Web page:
The KID was specifically designed to permit researchers to study a broad range of conditions and procedures related to child health issues. Researchers and policymakers can use the KID to identify, track, and analyze national trends in health care utilization, access, charges, quality, and outcomes.
The KID is the only hospital administrative dataset designed specifically to assess use of hospital services by newborns, children, and adolescents. The KID enables studies of specific conditions, procedures, and subpopulations that often cannot be assessed with other databases because children account for a relatively small proportion of hospital stays.
Using the KID, it is possible to study varied topics including the incidence of uncommon conditions such as congenital anomalies, the economic burden associated with specific procedures or conditions such as adolescent pregnancy, and the pediatric conditions most often associated with particular outcomes such as death in the hospital.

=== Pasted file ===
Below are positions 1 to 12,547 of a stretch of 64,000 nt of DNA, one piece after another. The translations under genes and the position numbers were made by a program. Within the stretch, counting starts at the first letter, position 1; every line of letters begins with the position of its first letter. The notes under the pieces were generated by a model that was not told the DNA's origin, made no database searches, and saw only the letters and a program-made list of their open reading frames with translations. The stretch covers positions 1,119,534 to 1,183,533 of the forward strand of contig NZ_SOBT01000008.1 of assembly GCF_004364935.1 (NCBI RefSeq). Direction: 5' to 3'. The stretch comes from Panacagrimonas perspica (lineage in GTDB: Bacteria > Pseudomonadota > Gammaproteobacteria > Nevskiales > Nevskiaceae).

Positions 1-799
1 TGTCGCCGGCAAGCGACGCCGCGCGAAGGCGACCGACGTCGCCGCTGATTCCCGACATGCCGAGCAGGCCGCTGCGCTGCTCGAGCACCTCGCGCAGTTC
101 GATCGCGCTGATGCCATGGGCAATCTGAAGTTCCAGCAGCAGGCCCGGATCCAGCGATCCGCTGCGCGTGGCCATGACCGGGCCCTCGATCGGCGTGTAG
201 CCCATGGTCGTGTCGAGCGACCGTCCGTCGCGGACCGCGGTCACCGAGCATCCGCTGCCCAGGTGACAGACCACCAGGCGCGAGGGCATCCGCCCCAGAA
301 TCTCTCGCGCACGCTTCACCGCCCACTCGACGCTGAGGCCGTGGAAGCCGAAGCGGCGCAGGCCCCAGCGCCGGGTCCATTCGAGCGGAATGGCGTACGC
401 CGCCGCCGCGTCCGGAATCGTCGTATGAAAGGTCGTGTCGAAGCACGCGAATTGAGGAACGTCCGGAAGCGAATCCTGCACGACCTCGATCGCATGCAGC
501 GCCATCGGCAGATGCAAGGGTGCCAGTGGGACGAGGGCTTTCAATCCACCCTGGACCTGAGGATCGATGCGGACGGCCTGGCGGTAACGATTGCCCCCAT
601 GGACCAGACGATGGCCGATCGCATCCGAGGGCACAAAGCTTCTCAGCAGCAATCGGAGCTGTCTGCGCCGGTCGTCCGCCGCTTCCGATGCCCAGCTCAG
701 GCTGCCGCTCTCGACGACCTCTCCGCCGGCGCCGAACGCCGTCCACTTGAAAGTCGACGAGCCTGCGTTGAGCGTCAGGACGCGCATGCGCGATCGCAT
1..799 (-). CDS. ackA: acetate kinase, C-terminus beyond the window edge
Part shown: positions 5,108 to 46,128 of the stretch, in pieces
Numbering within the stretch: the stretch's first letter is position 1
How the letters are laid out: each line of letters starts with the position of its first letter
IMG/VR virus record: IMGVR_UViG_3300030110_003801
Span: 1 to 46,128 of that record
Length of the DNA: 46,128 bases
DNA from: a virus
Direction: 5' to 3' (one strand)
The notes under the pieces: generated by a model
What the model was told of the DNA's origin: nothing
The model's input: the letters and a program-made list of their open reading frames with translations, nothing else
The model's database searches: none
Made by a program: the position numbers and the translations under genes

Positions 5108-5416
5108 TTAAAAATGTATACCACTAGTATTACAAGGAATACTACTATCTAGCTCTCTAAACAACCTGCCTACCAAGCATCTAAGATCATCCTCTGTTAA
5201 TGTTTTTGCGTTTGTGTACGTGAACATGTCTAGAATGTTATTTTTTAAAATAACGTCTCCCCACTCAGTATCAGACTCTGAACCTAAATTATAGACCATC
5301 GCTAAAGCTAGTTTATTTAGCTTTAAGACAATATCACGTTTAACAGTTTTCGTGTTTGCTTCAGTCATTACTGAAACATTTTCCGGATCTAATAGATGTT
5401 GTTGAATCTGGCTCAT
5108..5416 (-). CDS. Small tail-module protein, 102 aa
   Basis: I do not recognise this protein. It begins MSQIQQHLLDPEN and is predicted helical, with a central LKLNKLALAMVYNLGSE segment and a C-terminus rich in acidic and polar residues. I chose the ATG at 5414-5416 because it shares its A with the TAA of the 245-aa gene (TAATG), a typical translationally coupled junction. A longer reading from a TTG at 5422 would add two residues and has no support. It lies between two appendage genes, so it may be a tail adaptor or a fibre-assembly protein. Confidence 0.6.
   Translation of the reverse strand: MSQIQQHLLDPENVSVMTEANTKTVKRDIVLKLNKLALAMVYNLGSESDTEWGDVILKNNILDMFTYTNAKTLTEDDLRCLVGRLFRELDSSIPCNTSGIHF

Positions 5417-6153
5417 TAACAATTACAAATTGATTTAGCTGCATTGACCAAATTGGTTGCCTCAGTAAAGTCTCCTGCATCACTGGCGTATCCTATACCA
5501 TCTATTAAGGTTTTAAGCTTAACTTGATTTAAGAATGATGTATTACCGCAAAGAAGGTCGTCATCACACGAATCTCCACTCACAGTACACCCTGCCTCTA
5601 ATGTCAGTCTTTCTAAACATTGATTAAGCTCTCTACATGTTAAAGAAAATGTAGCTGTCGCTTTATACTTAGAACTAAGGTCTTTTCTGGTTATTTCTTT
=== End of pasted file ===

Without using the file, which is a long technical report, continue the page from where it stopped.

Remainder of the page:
The KID is the only all-payer inpatient care database for children in the United States. It is a sample of pediatric discharges from 2,500-4,000 U.S. hospitals yielding approximately two to three million unweighted hospital discharges for children per year. About 10 percent of normal newborns and 80 percent of other neonatal and pediatric stays are selected from each hospital that is sampled.
The KID contains clinical and resource use information included in a typical discharge abstract, with safeguards to protect the privacy of individual patients, physicians, and hospitals (as required by data sources). It includes charge information on all patients, regardless of payer, including children covered by Medicaid, private insurance, and the uninsured. It is created every three years beginning in 1997.